Pitts and others began tracking parts per billion of dangerous pollutants, how they lingered and the disease they could cause, which helped lead to smog alerts and then effective regulations and cleanup.
“Starting in the 1960s and going into the 1970s, when [hazardous] levels (200 ppb) were reached, all outdoor activities of K-12 students were cancelled. Students had to stay indoors until late in the afternoon or evening when the ozone levels dropped,” he related in a 2007 interview with Bowling Green State University. “In some parts of Southern California, there were over 100 days per year when such alerts were called. Today, there are … one or two per year. Controls work!”
Pitts led efforts to establish the Statewide Air Pollution Research Center at UC Riverside and served as its director for 18 years. During his tenure, it became internationally renowned. His team built the first smog chamber and did landmark studies on ozone and other oxidants, volatile organic compounds, fine particles and other hazardous pollutants, including carcinogens and widely used pesticides. The center’s policy was to accept no private donations, only public funds “with no strings attached.” It was widely recognized as an independent source of scientific advice, with visits by scientists from around the world and politicians of all persuasions — Ronald Reagan and George McGovern among them.
At one point, Pitts was desperate for $25,000 to set up a simulated “sun” in his lab to recreate the ozone photosynthesis that forms smog and conduct other critical experiments. Then-Secretary of State Jerry Brown somehow got word. He phoned the chemist and said, “Hi, Dr. Pitts. I’m Jerry Brown. I just successfully concluded a case against several oil companies [for election law violations] and have a check in my hands for a $25,000 fine. Could you use it?” The sun simulator purchased with those funds was still being utilized in experiments more than three decades later.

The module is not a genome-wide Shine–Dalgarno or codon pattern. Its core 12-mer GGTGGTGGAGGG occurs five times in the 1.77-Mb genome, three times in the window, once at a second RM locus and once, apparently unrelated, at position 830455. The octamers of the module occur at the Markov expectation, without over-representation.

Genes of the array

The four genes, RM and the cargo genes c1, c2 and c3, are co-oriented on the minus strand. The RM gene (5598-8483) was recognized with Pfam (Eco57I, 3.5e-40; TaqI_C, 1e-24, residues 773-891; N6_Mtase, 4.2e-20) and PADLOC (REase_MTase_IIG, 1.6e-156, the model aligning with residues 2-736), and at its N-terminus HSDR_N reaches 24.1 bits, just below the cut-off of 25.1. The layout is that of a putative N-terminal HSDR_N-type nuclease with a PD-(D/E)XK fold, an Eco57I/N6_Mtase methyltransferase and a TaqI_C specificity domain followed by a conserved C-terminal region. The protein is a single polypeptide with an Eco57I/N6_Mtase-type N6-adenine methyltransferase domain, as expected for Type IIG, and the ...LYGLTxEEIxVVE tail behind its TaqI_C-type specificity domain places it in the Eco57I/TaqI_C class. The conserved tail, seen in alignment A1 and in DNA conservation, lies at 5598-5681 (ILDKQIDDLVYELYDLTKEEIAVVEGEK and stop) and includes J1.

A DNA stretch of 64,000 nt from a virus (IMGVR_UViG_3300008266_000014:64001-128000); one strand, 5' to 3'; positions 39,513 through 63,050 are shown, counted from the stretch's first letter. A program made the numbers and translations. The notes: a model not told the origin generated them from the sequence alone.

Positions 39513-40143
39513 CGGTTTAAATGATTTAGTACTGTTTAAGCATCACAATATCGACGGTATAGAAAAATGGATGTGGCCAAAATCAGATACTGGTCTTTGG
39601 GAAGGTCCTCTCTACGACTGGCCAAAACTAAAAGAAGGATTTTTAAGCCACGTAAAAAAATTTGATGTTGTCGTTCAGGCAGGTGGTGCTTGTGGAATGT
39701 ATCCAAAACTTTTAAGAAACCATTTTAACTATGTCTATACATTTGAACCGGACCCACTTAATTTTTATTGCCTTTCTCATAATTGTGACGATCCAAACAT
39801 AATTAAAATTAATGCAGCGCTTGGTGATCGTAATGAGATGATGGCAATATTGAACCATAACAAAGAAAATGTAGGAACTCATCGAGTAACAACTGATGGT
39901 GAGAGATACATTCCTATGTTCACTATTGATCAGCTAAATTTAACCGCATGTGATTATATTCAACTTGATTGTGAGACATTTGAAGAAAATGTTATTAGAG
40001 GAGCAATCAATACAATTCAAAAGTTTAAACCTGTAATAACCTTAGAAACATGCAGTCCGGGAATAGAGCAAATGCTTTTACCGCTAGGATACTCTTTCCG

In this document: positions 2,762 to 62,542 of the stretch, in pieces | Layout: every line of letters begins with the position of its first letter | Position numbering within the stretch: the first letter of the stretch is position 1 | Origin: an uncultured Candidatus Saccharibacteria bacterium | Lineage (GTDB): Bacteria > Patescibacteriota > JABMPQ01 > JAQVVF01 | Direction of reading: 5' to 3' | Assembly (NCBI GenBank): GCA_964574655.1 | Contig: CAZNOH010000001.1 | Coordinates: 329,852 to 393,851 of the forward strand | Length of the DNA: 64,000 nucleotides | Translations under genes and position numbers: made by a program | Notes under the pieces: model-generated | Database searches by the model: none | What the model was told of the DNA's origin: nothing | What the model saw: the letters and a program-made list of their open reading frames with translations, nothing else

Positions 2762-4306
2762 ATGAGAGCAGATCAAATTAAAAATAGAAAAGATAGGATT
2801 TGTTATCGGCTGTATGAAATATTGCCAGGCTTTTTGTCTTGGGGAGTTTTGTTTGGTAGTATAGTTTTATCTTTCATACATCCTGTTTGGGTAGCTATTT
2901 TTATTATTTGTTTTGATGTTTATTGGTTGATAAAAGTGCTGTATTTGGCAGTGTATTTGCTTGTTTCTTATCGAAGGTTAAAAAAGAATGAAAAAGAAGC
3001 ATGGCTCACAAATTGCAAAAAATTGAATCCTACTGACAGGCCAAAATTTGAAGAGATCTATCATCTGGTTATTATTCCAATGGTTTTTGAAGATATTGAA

There are few atmospheric problems recognized today that do not have Pitts’ early fingerprints on them. He co-authored 380 scientific publications and four books — two on atmospheric chemistry with Finlayson-Pitts, his second wife, that are used worldwide in training future air quality scientists. He was listed among the most highly cited researchers by the Institute for Scientific Information. Pitts’ scientific perception and enthusiasm inspired several generations of young scientists.
He said his lifelong philosophy was based on something his favorite college chemistry professor, fellow air pollution pioneer F.E. Blacet, wrote to him: “Theories come and theories go, but good data stand forever.”
But Pitts didn’t want to just collect data; he wanted it to be used. He was always willing to testify before state and federal legislative bodies on the science of air pollution and to advise a variety of stakeholders. Pitts served on panels at the California Air Resources Board. He had a firm policy of not accepting consultancies or industry support that would even hint at bias in his translation of science into public policy.